The Harbour Town 1837 Historic District is located in downtown Vermilion. It is the focal point for many professional offices, the city administration, the Chamber of Commerce, restaurants, shops, and marinas. Community-wide revitalization efforts have been promoted since the 1970s, encouraging property owners and citizens to retain the unique charm of their businesses and homes while maintaining high standards of care and construction. The Vermilion Lagoons, located on the east side of the Vermilion River, is considered one of the first planned residential neighborhoods on the water in the country. Construction started in 1928 by Louis A. Wells, a Cleveland contractor, who bought the land.
Sandy beaches, recreational boating, jet skis, canoeing, and sail boats adorn the Vermilion harbor, where ship building was once the major industry.
On summer nights, residents and visitors can congregate on the large deck at Main Street Beach to watch boats sail back and forth in front of the Lake Erie sunset and watch the Mystic Belle, a small paddle wheeler, offering rides on the Vermilion River. Children can attend a Sail Camp where they learn water safety and sailing. Vermilion is home to many world-renowned sailboat racers.
The Woollybear Festival is a one-day gathering that draws over 150,000 visitors to Vermilion and includes the longest parade in the state of Ohio. In the majority of years, the Vermilion High School Band Festival is held the night before the Woollybear Festival. Area high schools and the Vermilion High School Alumni Band take the field to entertain community members before the next day's parade.
The Festival of the Fish, held each June, is a three-day event, drawing people from Vermilion and the neighboring communities to take part in the Queen and Princess pageant, local talent concerts, parade, and concessions. Historic SummerFare, which features the Antique Craft and Boat Show, brings thousands of boat enthusiasts and aficionados to the harbor to see wooden boats from another era. Historic SummerFare also sponsors Antiques in the Park, the Community Chicken BBQ and Street Dance, and many family activities.
Concerts in the Park, sponsored by the Chamber of Commerce, occur during July and August each year. The concerts are open to everyone, free of charge, and feature a variety of entertainment from swing music to barbershop quartets. The Vermilion Area Archival Society, established in 2000, collects, stores, and indexes archival materials for research from the Vermilion area and provides assistance, as well as monthly programs, regarding the history and records of the area.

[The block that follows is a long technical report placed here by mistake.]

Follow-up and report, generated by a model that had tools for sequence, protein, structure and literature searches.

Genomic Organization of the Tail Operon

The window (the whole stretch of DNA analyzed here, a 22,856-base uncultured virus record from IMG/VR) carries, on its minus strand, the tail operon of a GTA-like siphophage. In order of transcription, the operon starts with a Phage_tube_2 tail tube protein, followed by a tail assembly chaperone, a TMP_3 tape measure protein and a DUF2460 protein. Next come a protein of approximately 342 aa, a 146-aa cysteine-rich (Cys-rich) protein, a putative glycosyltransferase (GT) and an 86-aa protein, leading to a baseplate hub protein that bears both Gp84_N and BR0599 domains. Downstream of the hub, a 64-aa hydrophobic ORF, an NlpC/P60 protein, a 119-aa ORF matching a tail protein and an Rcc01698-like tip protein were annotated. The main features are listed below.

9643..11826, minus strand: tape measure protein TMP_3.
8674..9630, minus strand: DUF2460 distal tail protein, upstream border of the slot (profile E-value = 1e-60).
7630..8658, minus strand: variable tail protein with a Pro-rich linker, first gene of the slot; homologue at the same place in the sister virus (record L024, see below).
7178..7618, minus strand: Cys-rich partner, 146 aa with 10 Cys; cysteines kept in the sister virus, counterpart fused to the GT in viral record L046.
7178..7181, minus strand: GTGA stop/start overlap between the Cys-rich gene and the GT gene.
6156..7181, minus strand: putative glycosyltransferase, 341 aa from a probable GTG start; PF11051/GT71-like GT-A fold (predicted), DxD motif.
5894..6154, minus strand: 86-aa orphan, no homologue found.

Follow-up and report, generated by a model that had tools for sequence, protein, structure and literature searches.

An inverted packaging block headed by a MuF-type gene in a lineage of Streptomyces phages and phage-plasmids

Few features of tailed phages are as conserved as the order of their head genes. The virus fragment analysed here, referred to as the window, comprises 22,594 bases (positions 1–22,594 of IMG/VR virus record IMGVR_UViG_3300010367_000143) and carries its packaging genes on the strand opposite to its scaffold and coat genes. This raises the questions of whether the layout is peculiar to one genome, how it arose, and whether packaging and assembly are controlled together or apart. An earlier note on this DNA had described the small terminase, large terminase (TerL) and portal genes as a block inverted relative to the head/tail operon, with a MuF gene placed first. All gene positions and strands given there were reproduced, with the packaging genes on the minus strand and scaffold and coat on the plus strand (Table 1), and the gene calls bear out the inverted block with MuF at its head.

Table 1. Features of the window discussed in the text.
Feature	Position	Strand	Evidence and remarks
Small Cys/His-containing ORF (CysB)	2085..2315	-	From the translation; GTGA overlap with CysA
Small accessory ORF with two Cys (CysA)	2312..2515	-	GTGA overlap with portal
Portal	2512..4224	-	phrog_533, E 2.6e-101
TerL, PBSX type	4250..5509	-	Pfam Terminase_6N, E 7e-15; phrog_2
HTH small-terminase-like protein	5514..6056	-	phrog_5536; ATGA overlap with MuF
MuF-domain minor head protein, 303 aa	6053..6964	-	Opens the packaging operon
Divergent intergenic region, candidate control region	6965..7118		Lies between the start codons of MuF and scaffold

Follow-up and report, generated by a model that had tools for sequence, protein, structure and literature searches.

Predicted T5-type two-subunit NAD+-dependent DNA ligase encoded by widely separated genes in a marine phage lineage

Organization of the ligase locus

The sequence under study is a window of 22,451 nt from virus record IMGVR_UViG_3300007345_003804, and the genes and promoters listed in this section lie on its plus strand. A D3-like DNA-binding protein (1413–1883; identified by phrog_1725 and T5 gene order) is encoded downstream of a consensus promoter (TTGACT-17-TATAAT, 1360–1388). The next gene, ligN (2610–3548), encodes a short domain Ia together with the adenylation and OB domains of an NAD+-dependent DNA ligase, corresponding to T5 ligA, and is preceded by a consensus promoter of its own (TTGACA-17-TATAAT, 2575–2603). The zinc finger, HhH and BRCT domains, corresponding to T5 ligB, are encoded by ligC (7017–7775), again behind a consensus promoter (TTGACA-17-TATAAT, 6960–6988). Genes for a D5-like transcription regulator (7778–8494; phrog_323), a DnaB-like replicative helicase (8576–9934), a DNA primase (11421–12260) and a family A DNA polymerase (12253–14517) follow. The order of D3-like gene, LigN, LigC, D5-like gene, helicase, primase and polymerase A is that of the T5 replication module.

Vermilion has a wealth of art attractions. There are several art galleries in town that often display local works and hold showings of individual artists.
The Vermilion School System provides public school education for area children from ages K through 12th grade, with vocational and professional education opportunities at EHOVE Career Center. The Vermilion Institute of Technology (VIT) is a private, independent scholars institute involved in teaching and research. VIT delivers certification programs for electrical technicians, appliance repair and Structured Innovation and Inventive Problem Solving (TRIZ) for science, engineering, business, healthcare and government.
Lake Ridge Academy, a private grade school and high school in nearby North Ridgeville, offers daily school bus service for Vermilion students.
St. Mary’s parochial school has been serving preschool and grades K-6 since 1956
The Lucy Idol Center, located on the edge of town, offers non-residential care for disabled children and adults. Bowling Green State University (Firelands Campus) and Lorain County Community College, both accredited schools offering four-year and advanced degrees, are located within a twenty-minute drive of Vermilion.
Vermilion High School's sports teams are called the "Sailors".
- Albert D. Baumhart, Jr., member of the United States House of Representatives
- Phoebe Judson, American pioneer
- Allie LaForce, Miss Ohio Teen USA 2005, Miss Teen USA 2005
- Andy Oliver, Major League Baseball pitcher for the Pittsburgh Pirates
- Lester Allan Pelton, inventor of the Pelton wheel impulse water turbine
- Thomas L. Siebert, U.S. Ambassador to Sweden
- "US Board on Geographic Names". United States Geological Survey. 2007-10-25. Retrieved 2008-01-31.
- "American FactFinder". United States Census Bureau. Archived from the original on September 11, 2013. Retrieved 2008-01-31.
- "Geographic Identifiers: 2010 Demographic Profile Data (G001): Vermilion city, Ohio". U.S. Census Bureau, American Factfinder. Retrieved March 9, 2016.
- Williams, William W. (1879). History of the Fire Lands, Comprising Huron and Erie Counties, Ohio. Press of Leader Printing Company. p. 444.
- Overman, William Daniel (1958). Ohio Town Names. Akron, OH: Atlantic Press. p. 137.
- "US Gazetteer files: 2010, 2000, and 1990". United States Census Bureau. 2011-02-12. Retrieved 2011-04-23.
- "Annual Estimates of the Resident Population for Incorporated Places: April 1, 2010 to July 1, 2015". Retrieved July 2, 2016.
- "Population: Ohio" (PDF). 1910 U.S. Census. U.S. Census Bureau. Retrieved 28 November 2013.
- "Population: Ohio" (PDF). 1930 US Census. U.S. Census Bureau. Retrieved 28 November 2013.
- "Number of Inhabitants: Ohio" (PDF). 18th Census of the United States. U.S. Census Bureau. Retrieved 22 November 2013.
- "Ohio: Population and Housing Unit Counts" (PDF). U.S. Census Bureau. Retrieved 22 November 2013.
- "Incorporated Places and Minor Civil Divisions Datasets: Subcounty Population Estimates: April 1, 2010 to July 1, 2012". U.S. Census Bureau. Archived from the original on June 17, 2013. Retrieved 25 November 2013.
- "American FactFinder". United States Census Bureau. Retrieved 2013-01-06.
- http://vermilionlagoons.org/?page_id=73[permanent dead link]
- "St Mary Catholic School - Vermilion, OH". stmaryschoolvermilion.org. Retrieved 2016-07-10.
|Wikimedia Commons has media related to Vermilion, Ohio.|